Greedy algorithm

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The greedy algorithm determines the minimum number of US coins to give while making change. These are the steps a human would take to emulate a greedy algorithm. The coin of the highest value, less than the remaining change owed, is the local optimum. (Note that in general the change-making problem requires dynamic programming or integer programming to find an optimal solution; US and other currencies are special cases where the greedy strategy works.)

A greedy algorithm is any algorithm that follows the problem solving metaheuristic of making the locally optimal choice at each stage[1] with the hope of finding the global optimum.

For example, applying the greedy strategy to the traveling salesman problem yields the following algorithm: "At each stage visit the unvisited city nearest to the current city".



[edit] Specifics

In general, greedy algorithms have five pillars:

  1. A candidate set, from which a solution is created
  2. A selection function, which chooses the best candidate to be added to the solution
  3. A feasibility function, that is used to determine if a candidate can be used to contribute to a solution
  4. An objective function, which assigns a value to a solution, or a partial solution, and
  5. A solution function, which will indicate when we have discovered a complete solution

Greedy algorithms produce good solutions on some mathematical problems, but not on others. Most problems for which they work well have two properties:

Greedy choice property 
We can make whatever choice seems best at the moment and then solve the subproblems that arise later. The choice made by a greedy algorithm may depend on choices made so far but not on future choices or all the solutions to the subproblem. It iteratively makes one greedy choice after another, reducing each given problem into a smaller one. In other words, a greedy algorithm never reconsiders its choices. This is the main difference from dynamic programming, which is exhaustive and is guaranteed to find the solution. After every stage, dynamic programming makes decisions based on all the decisions made in the previous stage, and may reconsider the previous stage's algorithmic path to solution.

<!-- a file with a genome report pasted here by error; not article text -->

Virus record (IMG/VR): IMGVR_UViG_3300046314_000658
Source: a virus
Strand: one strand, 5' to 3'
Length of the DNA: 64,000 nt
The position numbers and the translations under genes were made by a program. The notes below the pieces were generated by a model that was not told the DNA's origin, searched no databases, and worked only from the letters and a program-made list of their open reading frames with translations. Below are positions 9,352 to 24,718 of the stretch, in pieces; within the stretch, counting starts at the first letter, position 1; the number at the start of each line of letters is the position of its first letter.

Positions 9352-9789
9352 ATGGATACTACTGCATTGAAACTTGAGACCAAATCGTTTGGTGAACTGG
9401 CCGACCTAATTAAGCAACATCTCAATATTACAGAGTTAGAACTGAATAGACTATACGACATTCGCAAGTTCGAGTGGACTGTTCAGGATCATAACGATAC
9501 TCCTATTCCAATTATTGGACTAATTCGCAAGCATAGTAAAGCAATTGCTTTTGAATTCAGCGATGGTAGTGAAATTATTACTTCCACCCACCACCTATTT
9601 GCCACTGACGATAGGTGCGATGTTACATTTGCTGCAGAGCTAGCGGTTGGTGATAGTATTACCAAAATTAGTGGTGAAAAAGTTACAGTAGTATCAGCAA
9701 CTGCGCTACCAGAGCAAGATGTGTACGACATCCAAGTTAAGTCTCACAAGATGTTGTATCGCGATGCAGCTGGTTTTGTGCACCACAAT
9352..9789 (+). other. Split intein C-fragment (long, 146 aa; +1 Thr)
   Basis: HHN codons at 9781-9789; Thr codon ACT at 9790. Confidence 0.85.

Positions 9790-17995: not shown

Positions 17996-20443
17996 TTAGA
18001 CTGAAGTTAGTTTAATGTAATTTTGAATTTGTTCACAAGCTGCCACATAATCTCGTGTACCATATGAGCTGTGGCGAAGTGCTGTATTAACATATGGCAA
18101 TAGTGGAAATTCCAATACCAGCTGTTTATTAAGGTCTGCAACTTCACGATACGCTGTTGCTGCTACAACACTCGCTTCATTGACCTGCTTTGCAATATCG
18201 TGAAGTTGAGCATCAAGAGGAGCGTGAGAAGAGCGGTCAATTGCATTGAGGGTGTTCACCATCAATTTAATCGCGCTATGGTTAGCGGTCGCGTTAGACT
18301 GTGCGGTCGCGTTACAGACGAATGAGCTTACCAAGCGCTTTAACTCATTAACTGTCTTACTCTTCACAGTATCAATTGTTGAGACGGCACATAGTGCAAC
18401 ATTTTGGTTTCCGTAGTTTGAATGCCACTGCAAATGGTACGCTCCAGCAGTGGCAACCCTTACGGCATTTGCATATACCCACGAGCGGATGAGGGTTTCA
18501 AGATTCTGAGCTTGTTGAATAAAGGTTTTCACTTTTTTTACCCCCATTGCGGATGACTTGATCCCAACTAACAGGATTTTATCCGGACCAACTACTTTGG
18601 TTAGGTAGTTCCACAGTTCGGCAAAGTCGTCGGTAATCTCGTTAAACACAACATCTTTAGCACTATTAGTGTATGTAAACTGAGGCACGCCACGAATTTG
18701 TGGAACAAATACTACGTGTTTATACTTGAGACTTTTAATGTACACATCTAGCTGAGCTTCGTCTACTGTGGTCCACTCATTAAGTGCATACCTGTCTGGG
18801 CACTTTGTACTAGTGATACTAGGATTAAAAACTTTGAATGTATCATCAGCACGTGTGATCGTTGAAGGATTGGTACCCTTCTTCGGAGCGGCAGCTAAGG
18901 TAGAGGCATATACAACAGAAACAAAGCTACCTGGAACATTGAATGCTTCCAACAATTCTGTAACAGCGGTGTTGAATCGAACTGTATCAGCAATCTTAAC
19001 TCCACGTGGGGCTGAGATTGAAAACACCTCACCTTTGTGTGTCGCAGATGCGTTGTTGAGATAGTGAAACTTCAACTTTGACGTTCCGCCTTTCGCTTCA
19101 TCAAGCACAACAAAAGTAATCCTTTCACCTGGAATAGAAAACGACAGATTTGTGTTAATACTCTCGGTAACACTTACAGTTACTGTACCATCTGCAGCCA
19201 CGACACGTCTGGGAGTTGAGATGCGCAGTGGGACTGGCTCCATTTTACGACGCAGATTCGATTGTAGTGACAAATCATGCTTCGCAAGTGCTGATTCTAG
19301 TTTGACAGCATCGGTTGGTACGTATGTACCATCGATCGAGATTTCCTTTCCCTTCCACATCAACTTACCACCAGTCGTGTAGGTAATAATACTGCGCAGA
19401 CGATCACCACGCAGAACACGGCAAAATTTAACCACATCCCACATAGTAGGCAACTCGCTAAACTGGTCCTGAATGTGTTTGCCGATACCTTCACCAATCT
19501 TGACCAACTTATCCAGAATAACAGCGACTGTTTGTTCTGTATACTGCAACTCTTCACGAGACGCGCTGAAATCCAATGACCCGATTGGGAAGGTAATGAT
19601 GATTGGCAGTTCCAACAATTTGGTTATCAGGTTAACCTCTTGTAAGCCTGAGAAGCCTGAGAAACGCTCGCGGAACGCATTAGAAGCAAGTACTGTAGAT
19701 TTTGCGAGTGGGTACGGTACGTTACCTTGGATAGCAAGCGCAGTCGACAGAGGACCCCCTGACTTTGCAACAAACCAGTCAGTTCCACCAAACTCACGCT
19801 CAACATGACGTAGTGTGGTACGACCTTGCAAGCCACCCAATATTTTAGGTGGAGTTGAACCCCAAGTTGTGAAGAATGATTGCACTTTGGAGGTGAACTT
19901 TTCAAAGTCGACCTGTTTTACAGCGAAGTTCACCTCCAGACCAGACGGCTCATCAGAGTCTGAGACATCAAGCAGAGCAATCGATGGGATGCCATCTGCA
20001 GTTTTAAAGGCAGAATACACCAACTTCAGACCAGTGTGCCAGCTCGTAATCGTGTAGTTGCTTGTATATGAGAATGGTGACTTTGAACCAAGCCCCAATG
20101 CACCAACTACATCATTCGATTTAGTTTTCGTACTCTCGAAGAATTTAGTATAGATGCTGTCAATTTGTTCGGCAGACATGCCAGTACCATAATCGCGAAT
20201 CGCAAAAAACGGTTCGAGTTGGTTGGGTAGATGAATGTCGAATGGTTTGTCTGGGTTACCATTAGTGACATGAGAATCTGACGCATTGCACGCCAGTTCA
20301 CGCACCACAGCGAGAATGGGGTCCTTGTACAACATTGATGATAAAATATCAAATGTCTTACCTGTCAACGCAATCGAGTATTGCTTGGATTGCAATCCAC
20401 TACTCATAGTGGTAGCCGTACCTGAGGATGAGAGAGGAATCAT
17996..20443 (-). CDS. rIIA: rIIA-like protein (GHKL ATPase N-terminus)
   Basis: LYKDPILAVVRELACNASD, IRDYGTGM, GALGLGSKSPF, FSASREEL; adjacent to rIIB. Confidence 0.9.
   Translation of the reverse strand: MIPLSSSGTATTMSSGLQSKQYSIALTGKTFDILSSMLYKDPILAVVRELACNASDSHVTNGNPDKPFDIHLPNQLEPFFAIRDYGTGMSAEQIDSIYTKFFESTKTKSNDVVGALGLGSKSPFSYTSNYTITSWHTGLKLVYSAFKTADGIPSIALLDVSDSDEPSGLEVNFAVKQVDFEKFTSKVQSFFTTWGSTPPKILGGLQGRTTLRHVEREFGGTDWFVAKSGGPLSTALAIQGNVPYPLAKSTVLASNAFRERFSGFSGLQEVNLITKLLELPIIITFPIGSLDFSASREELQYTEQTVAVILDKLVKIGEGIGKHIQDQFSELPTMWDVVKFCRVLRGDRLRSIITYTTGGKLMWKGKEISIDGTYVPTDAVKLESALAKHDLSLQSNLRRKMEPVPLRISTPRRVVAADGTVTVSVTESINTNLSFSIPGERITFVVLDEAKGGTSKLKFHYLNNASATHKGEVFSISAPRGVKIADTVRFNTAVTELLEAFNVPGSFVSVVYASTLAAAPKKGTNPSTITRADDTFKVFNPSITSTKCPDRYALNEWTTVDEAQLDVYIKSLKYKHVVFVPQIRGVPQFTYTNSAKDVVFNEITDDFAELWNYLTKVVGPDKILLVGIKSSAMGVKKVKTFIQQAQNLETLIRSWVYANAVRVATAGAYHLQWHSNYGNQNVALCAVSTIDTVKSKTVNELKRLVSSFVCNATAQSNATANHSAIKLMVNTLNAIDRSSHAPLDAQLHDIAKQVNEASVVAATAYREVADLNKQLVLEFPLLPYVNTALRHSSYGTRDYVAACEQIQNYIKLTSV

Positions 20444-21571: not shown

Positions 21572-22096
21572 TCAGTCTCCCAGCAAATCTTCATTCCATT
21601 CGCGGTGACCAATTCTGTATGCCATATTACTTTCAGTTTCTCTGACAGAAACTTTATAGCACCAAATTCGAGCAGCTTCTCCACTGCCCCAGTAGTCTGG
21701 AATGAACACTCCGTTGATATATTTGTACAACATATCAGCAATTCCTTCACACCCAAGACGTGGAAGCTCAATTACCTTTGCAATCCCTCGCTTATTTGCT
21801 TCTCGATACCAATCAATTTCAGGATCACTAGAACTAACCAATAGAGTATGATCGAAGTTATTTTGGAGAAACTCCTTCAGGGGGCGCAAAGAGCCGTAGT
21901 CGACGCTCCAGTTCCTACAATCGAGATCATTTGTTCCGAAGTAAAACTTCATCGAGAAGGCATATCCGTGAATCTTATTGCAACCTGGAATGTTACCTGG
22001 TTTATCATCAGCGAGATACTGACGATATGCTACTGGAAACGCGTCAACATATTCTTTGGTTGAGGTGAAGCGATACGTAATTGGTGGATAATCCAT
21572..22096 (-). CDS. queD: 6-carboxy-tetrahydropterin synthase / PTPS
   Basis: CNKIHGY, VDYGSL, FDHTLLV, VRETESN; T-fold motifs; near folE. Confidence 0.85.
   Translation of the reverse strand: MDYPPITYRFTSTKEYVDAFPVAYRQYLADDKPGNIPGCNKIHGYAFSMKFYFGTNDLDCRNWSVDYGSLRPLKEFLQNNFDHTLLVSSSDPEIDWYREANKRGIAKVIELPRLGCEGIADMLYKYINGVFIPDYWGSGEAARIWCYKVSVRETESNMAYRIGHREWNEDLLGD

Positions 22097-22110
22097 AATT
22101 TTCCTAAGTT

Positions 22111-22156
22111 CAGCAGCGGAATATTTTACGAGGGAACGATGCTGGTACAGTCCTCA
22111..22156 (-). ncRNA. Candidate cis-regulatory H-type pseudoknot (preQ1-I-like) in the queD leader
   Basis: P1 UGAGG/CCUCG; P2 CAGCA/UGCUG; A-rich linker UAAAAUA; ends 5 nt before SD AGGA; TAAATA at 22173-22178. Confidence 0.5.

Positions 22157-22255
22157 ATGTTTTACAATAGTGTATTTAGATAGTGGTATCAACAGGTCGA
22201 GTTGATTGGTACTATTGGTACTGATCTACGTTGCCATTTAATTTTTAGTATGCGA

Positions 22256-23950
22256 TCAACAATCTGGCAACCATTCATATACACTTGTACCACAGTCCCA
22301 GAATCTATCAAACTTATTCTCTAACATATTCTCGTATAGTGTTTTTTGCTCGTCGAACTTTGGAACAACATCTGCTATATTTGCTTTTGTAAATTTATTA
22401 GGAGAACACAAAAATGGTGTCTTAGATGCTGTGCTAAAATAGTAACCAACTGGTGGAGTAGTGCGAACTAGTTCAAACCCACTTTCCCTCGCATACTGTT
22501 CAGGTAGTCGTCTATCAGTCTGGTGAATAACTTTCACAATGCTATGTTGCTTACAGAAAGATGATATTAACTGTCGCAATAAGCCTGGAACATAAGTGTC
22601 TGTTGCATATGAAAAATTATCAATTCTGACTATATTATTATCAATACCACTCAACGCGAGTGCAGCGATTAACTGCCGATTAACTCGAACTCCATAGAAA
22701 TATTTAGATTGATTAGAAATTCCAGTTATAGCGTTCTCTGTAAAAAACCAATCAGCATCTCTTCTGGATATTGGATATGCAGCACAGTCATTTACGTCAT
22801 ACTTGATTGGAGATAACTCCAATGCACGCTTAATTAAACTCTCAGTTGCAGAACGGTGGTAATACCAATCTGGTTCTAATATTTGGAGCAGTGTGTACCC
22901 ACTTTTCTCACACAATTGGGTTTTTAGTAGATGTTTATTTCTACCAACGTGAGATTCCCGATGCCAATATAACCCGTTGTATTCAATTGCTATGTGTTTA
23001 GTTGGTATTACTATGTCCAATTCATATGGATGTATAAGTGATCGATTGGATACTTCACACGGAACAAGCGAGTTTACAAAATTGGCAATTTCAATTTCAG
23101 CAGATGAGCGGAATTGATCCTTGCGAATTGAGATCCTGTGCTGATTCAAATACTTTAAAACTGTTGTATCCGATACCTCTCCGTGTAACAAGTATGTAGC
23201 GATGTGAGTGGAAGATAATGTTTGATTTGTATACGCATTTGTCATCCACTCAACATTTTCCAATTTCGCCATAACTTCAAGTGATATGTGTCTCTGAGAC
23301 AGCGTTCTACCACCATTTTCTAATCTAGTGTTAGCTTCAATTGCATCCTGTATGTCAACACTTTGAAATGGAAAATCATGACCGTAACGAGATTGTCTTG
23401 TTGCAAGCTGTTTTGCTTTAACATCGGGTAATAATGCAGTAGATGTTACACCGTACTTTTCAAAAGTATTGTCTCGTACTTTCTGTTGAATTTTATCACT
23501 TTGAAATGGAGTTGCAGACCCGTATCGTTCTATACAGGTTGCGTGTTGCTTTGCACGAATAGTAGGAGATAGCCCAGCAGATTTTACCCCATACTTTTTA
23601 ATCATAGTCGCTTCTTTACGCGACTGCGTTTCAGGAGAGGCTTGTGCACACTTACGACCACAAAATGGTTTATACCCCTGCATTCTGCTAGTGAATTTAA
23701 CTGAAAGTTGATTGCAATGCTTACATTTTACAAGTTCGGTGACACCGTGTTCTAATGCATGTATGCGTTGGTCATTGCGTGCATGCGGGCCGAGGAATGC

Optimal substructure 
"A problem exhibits optimal substructure if an optimal solution to the problem contains optimal solutions to the sub-problems."[2] Said differently, a problem has optimal substructure if the best next move always leads to the optimal solution. An example of 'non-optimal substructure' would be a situation where capturing a queen in chess (good next move) will eventually lead to the loss of the game (bad overall move).

[edit] When greedy-type algorithms fail

For many other problems, greedy algorithms fail to produce the optimal solution, and may even produce the unique worst possible solutions. One example is the nearest neighbor algorithm mentioned above: for each number of cities there is an assignment of distances between the cities for which the nearest neighbor heuristic produces the unique worst possible tour. [3]

Imagine the coin example with only 25-cent, 10-cent, and 4-cent coins. We could make 41 cents change with one 25-cent coin and four 4-cent coins, but the greedy algorithm could only make change for 39 or 43 cents, as it would have committed to using one dime.

[edit] Types

Greedy algorithms can be characterized as being 'short sighted', and as 'non-recoverable'. They are ideal only for problems which have 'optimal substructure'. Despite this, greedy algorithms are best suited for simple problems (e.g. giving change). It is important, however, to note that the greedy algorithm can be used as a selection algorithm to prioritize options within a search, or branch and bound algorithm. There are a few variations to the greedy algorithm:

  • Pure greedy algorithms